Please use this identifier to cite or link to this item: http://scholarbank.nus.edu.sg/handle/10635/144103
Title: ‘Everything Depends on You, Now’: The Geographies of Eurasian Identity in Multiracial Singapore
Authors: Eber Amanda Joy
Keywords: Singapore, multiculturalism, race, identity, hybridity, performativity
Issue Date: 2016
Citation: Eber Amanda Joy (2016). ‘Everything Depends on You, Now’: The Geographies of Eurasian Identity in Multiracial Singapore. ScholarBank@NUS Repository.
Abstract: In this paper, I examine the mutually constitutive relationship between identity, ‘race’ and space through the case study of people who identify as Eurasian, within the context of multiracial Singapore. Specifically, I look at the ways in which multiracialism – a derivative of multiculturalism – shapes space, and how these spaces in turn affect ‘race’, or processes of racialization. Multiracialism is one of the founding myths on which Singapore’s national identity is built, which I critique for shaping space in a way that prioritises and emphasises essentialised notions of race. Through qualitative interviews with ‘mixed race’ Eurasians in Singapore, I argue that racial identities are not fixed or distinct or natural at all. Instead, racial identities must be seen as ongoing processes of racialization that are constantly being affected by changes in the spaces around them. To support this argument, I analyse the spatial practices and experiences of Singaporean Eurasians in various spatial contexts, including spaces of the home and spaces of encounter. I bring in the concepts of hybridity and performativity in order to look at how Singapore Eurasians are able to challenge, disrupt and negotiate their racialised identities within the rigid hegemonic structures of multiracialism that pervade Singapore. In light of these critiques, I propose that Singapore should look towards moving beyond multiracialism completely, towards new ways of celebrating cultural difference without neglecting minority groups, while also being more accommodating towards heterogeneity and change.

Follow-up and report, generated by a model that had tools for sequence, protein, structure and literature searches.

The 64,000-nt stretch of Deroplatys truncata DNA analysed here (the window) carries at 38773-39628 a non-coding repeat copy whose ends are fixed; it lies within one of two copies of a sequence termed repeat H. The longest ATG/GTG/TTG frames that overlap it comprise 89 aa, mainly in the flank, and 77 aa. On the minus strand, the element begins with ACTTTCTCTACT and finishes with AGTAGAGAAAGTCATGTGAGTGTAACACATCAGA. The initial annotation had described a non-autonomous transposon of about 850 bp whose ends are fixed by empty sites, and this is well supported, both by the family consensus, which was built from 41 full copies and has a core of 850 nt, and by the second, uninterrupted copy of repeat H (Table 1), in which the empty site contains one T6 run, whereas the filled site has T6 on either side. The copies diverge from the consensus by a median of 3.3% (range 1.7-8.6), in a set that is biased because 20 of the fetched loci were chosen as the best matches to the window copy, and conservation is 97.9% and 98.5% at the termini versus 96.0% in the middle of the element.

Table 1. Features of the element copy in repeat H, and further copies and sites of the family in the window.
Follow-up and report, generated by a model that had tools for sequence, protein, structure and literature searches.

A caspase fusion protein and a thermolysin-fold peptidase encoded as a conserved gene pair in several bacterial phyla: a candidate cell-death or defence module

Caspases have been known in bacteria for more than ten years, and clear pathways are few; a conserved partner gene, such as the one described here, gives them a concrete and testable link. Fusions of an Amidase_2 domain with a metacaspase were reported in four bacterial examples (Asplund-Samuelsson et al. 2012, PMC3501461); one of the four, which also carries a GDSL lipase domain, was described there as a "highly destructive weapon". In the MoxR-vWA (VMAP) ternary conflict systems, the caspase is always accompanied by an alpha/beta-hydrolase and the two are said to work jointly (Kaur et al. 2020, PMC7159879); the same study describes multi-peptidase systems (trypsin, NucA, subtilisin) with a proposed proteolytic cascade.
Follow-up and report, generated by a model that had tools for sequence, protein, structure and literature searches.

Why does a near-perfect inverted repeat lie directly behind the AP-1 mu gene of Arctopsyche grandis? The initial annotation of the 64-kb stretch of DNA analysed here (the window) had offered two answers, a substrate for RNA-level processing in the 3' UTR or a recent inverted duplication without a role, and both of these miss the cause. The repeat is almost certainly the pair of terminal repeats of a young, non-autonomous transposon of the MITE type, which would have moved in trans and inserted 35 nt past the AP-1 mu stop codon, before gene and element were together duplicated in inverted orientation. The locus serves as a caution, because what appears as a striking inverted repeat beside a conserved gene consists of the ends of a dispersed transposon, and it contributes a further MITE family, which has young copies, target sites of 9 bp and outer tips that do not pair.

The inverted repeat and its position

URI: http://scholarbank.nus.edu.sg/handle/10635/144103
Appears in Collections:Bachelor's Theses (Restricted)

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